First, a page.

Man with laptop and notepad Hematologists do not always follow treatment guidelines for children with newly diagnosed immune thrombocytopenia (ITP). Therefore, researchers in this study created an ‘ITP quality improvement learning pathway’ to help care centers better follow national guidelines and standardize the provision of care.

Previously, researchers at Boston Children’s Hospital put together the first (2012-2014) and second (2014-2016) edition of this quality improvement tool. The quality improvement tool guides pediatric hematologists on how to evaluate bleeding and use national guidelines which recommend close observation of children with no or mild bleeding symptoms. When this tool was implemented at the hospital, the ‘observation rate’ of children with newly diagnosed ITP and no bleeding symptoms increased from 40% to 74% without any change in the rate of later hospitalizations, bleeding symptoms, or ITP resolution. This observational approach to care applies when a patient, rather than being given medication right away, is carefully observed by their physician to see if the ITP will start to resolve without the need for medication and risk of medication side effects.

In this study, the most recent data from the third edition (2016-2019) of the quality improvement tool were shown. Sixty-nine children with newly diagnosed ITP were managed using the third edition tool. Hematologists evaluated bleeding using a scale from 0-5 (0 being no bleeding and 5 being life-threatening) that was assessed by a hematologist. Most children had a bleeding score of either 1 or 2. Twenty-seven participants had a bleeding score of 3. After consulting with hematologists, most (60/69) participants were successfully managed through careful observation rather than medication.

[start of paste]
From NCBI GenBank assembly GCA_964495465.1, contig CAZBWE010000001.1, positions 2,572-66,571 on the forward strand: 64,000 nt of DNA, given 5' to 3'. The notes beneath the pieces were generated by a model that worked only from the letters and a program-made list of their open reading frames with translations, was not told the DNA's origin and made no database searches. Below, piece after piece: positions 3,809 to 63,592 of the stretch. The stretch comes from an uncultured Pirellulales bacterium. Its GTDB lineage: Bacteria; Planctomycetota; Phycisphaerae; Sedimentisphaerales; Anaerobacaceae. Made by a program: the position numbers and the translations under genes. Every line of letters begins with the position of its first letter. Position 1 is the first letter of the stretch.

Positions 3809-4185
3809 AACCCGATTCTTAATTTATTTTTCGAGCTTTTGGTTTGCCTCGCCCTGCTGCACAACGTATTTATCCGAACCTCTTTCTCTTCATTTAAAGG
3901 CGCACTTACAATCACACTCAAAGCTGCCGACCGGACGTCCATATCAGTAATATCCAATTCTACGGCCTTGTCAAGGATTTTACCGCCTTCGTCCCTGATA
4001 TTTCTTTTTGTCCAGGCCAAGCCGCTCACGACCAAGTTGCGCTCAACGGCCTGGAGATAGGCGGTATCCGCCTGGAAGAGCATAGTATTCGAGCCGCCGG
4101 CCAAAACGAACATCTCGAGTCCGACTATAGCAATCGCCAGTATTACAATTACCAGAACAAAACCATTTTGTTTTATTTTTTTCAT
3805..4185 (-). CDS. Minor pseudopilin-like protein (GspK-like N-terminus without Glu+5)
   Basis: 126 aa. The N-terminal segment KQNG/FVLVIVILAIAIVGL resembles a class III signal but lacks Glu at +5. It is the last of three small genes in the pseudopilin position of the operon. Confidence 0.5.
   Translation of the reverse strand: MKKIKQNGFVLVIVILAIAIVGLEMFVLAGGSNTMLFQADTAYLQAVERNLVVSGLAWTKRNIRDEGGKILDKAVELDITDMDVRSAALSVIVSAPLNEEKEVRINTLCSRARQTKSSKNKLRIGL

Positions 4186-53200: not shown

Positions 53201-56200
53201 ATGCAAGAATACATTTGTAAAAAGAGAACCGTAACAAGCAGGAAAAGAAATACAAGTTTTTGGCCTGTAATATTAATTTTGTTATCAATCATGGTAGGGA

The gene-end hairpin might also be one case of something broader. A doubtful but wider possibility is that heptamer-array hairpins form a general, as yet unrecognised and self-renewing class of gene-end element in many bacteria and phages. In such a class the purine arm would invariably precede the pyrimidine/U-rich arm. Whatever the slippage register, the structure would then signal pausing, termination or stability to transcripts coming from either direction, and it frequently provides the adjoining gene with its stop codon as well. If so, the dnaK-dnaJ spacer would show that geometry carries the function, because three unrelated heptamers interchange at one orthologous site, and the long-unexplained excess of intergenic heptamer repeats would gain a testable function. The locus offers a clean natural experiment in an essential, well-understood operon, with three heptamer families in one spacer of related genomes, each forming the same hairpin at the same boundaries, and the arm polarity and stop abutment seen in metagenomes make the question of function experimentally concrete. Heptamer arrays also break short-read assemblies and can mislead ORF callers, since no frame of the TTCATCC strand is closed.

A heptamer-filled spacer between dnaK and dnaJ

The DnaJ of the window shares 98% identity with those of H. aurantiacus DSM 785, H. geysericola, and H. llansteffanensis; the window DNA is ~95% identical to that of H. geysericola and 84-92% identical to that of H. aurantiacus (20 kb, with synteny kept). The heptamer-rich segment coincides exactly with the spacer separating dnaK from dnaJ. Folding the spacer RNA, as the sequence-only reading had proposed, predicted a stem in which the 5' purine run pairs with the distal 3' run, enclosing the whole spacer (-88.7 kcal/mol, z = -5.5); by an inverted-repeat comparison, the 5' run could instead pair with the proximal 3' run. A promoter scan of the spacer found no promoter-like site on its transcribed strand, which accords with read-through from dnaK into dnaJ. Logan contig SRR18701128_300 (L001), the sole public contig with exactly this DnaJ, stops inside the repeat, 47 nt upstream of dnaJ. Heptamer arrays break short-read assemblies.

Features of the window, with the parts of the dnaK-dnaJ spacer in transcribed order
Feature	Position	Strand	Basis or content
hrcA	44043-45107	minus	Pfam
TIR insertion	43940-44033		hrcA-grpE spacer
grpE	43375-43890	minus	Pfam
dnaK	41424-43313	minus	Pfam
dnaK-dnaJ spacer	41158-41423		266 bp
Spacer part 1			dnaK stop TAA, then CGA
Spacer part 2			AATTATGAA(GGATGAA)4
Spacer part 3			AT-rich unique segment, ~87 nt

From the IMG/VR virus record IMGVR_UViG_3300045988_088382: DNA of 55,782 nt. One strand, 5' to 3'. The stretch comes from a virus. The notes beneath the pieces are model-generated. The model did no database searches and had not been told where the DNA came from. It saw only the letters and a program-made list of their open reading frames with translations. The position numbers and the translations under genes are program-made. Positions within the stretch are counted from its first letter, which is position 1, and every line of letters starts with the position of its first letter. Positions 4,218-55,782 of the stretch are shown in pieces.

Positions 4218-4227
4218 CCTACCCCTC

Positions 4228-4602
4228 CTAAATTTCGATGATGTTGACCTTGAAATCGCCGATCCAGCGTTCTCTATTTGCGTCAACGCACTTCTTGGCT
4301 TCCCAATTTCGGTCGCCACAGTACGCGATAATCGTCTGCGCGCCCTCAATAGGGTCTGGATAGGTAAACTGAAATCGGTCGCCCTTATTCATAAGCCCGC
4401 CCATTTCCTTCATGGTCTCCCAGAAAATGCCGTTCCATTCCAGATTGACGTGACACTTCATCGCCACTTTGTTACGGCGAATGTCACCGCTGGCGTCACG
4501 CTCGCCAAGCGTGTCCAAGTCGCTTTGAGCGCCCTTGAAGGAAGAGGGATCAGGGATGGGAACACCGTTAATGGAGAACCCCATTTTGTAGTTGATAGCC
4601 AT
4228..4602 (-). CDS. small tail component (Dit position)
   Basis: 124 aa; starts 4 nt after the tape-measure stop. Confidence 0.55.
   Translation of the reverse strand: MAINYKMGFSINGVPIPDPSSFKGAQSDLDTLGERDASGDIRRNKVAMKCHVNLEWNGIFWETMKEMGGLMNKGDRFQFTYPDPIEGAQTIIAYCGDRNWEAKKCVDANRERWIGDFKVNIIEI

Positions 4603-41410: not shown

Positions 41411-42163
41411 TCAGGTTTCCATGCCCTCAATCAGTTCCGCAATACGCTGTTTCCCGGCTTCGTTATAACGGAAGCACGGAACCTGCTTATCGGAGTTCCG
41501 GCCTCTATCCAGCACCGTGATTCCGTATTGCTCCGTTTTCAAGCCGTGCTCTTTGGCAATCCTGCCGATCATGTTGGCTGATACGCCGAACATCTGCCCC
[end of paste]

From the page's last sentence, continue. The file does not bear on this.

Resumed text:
Implementation of this quality improvement tool resulted in an increased number of children with newly diagnosed ITP being observed carefully (40% to 87%) and avoiding being treated with medication. Researchers also found that in five years of using this new ITP pathway tool, 24 children with newly diagnosed ITP who would have otherwise received ITP medication were instead treated through an observational approach. Importantly, there were no changes in health outcomes (hospitalizations, bleeding, or ITP resolution) when the ITP quality improvement tool was used even when fewer participants received ITP medication. The researchers also suggest that this approach may have reduced unnecessary hospital visits and the amount of side effects related to medication.

Comments from PDSA Medical Advisors

The primary aim of this study was to avoid unnecessary overtreatment of children with newly diagnosed ITP who likely will improve on their own. This pathway was an educational attempt to increase the chance that pediatric hematologists would refer to national ITP guidelines when managing children with ITP and, overall, it succeeded. Only one patient went on to develop more serious (grade 4) bleeding and was successfully managed with corticosteroids when that happened. Four others developed bleeding requiring management. The quality improvement pathway uses a modified bleeding scale that allows the difficult differentiation of types of bleeding. In this report, 27 patients had grade 3 bleeding, including low-risk moderate bleeding (18 people) and high-risk moderate bleeding (9 people). All patients with high-risk moderate bleeding were treated with medications whereas many with low-risk moderate bleeding were safely observed. Hospitalizations were minimal. The only other issue is not better knowing the long-term outcome: only 26/35 (74%) of patients were known to enter remission by six months. Presumably, many of the others were doing so well that they did not return for counts.